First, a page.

One of my favorite quotes about OT comes from a renowned OT, Mary Reilly: “Man, through the use of his hands, as they are energized by mind and will, can influence the state of his own health.”
There is more to occupations than activities, purpose, and meaning. Occupations affect our health. What we choose to do, or not do, to occupy our time, profoundly influences our health. Occupations change and evolve over our lifetime, and are most definitely influenced by illnesses, traumatic events, or injuries that occur along the way.
My father was always an avid skier until he had a bad fall and broke his leg. Physically he could have returned easily to the sport after recovering, but his motivation to engage in this was severely changed by his traumatic experience. Luckily, he found other healthy occupations to replace this one.
Yoga can be a healthy, doable replacement for occupations that were unhealthy, impractical, or no longer enjoyable. Yoga can also be a therapeutic means in which to reach another occupational goal, for example improving posture to be able to sit upright to feed oneself, or to optimize focus in the classroom. Last but not least, yoga can be a lifestyle change, in which it is integrated into daily life routines to positively influence health, decrease stress, and improve performance of occupations throughout the life span.
I did not even mention all of the research pointing to the benefits of yoga for health, various medical conditions, and in school age children, to name a few. Look for another post in the near future!
Theresa Davis is an independent contractor who provides occupational therapy services for BRG clients, as well as through other providers in Maryland. Theresa has spent the majority of her career working the older client. She has such great insight into the benefit of occupational therapy in the home health setting.
After working in various settings for 20 plus years as an Occupational Therapist, the one thing I have learned is the importance of being patient, caring and loving with our elderly residents.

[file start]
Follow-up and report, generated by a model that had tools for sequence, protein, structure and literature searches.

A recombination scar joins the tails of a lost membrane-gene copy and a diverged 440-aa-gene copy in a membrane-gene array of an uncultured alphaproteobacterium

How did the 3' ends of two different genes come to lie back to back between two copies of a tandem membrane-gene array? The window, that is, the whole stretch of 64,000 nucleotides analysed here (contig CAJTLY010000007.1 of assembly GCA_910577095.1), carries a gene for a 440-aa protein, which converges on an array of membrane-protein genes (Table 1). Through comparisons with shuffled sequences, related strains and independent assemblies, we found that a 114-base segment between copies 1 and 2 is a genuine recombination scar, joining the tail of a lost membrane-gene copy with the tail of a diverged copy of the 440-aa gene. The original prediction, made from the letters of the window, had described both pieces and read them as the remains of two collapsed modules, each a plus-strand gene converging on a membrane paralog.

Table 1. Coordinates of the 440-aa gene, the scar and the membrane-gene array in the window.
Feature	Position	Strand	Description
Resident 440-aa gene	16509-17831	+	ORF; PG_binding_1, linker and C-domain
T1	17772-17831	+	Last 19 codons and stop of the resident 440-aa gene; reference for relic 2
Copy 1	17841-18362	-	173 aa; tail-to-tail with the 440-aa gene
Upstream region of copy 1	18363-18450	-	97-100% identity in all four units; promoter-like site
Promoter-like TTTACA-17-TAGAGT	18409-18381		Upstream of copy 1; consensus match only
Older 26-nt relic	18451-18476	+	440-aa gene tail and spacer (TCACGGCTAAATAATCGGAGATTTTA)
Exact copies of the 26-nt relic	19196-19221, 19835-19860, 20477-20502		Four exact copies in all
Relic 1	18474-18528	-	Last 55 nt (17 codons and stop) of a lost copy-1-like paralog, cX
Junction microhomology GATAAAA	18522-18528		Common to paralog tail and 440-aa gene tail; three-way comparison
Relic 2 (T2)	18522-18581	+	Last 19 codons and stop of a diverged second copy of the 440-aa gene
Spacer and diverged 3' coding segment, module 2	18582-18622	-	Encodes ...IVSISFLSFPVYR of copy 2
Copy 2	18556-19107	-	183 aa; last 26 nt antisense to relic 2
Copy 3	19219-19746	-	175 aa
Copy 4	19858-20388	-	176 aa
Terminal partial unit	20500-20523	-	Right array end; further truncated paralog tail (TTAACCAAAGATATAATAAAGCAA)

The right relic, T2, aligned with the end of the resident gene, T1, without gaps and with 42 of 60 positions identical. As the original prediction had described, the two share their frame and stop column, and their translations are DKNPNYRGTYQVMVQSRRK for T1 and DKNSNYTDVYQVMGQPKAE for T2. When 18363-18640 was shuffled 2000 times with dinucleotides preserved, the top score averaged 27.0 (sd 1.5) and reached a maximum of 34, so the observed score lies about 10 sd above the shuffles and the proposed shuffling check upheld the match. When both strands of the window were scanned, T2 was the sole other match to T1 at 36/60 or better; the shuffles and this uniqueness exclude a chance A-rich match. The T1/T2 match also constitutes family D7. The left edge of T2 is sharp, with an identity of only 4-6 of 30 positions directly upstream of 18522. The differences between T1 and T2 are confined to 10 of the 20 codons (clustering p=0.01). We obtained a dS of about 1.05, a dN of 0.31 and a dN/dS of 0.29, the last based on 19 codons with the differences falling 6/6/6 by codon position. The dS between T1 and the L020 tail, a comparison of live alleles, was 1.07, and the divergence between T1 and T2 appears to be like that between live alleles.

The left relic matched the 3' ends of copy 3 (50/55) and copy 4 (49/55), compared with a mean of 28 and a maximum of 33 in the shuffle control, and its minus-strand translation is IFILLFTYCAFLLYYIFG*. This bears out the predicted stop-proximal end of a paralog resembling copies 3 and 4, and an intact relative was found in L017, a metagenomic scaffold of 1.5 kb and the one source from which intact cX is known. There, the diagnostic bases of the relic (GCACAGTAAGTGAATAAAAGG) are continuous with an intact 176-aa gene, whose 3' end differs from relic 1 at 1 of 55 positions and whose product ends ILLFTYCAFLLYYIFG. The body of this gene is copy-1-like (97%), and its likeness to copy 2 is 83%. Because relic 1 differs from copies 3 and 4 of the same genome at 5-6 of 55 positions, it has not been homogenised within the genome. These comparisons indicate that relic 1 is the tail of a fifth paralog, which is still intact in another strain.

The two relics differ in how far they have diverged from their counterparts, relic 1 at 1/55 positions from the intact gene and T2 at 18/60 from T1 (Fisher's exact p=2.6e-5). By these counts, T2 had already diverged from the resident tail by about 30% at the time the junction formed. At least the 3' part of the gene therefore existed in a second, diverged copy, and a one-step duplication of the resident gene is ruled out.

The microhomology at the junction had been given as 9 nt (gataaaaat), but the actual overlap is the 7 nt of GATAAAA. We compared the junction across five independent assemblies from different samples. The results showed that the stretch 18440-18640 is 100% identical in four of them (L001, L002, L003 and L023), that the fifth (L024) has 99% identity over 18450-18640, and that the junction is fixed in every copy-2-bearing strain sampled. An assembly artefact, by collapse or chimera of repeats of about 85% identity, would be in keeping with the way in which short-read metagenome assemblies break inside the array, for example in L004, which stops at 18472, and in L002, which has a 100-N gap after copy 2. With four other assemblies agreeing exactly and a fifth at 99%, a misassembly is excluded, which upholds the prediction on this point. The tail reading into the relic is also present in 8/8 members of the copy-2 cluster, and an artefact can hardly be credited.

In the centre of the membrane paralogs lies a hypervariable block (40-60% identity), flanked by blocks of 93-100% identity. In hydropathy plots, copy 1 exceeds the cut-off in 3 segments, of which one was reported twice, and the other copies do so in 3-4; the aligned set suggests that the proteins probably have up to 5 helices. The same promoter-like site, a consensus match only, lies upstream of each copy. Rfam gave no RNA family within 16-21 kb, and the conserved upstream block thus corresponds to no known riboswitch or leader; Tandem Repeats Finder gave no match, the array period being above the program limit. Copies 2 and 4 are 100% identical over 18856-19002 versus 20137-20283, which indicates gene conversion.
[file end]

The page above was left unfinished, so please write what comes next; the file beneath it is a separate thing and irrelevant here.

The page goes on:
There is so much we can teach our patients about being stronger, improving their endurance, increasing their hand dexterity, dressing themselves with less assistance, learning to walk better to use their bathrooms, etc… However there is so much they can teach us as well.
They teach us to listen better, to be empathetic and understand all the troubles they are having. This in turn allows us to find the best ways to motivate them. The most important thing to most of them is that we care and that we are there to “listen” to them. As therapists, we sometimes undervalue our role and the importance of “touch” for this population. For many of them, they have been placed in a facility against their choosing in which their families either can’t or don’t come to see them, leaving them to feel both empty and abandoned. I have to come to realize over the last several years the vast importance of empathy, hugs, smiles, asking how their day is going, and just providing the acknowledgement that I care about them and am invested in their well being. Even the residents that are not being seen by therapy services in a senior living setting still benefit from the acknowledgement and caring attitudes we give them. We have several residents that come into our clinic just to be around us and talk.
Additionally, we need to help bridge the gap between the overworked caregivers- who may not understand the disease process of the cognitively impaired- and the residents who need so much more than basic care. This population needs additional love, touch and empathy, even when their minds and bodies are failing them. They can still understand a smile, a hug, and positive body language. So, sometimes when we feel frustrated because the physical progress may not be as aggressive as we would like, we need to remember the positive impact we are having on our residents in other ways to improve their well being.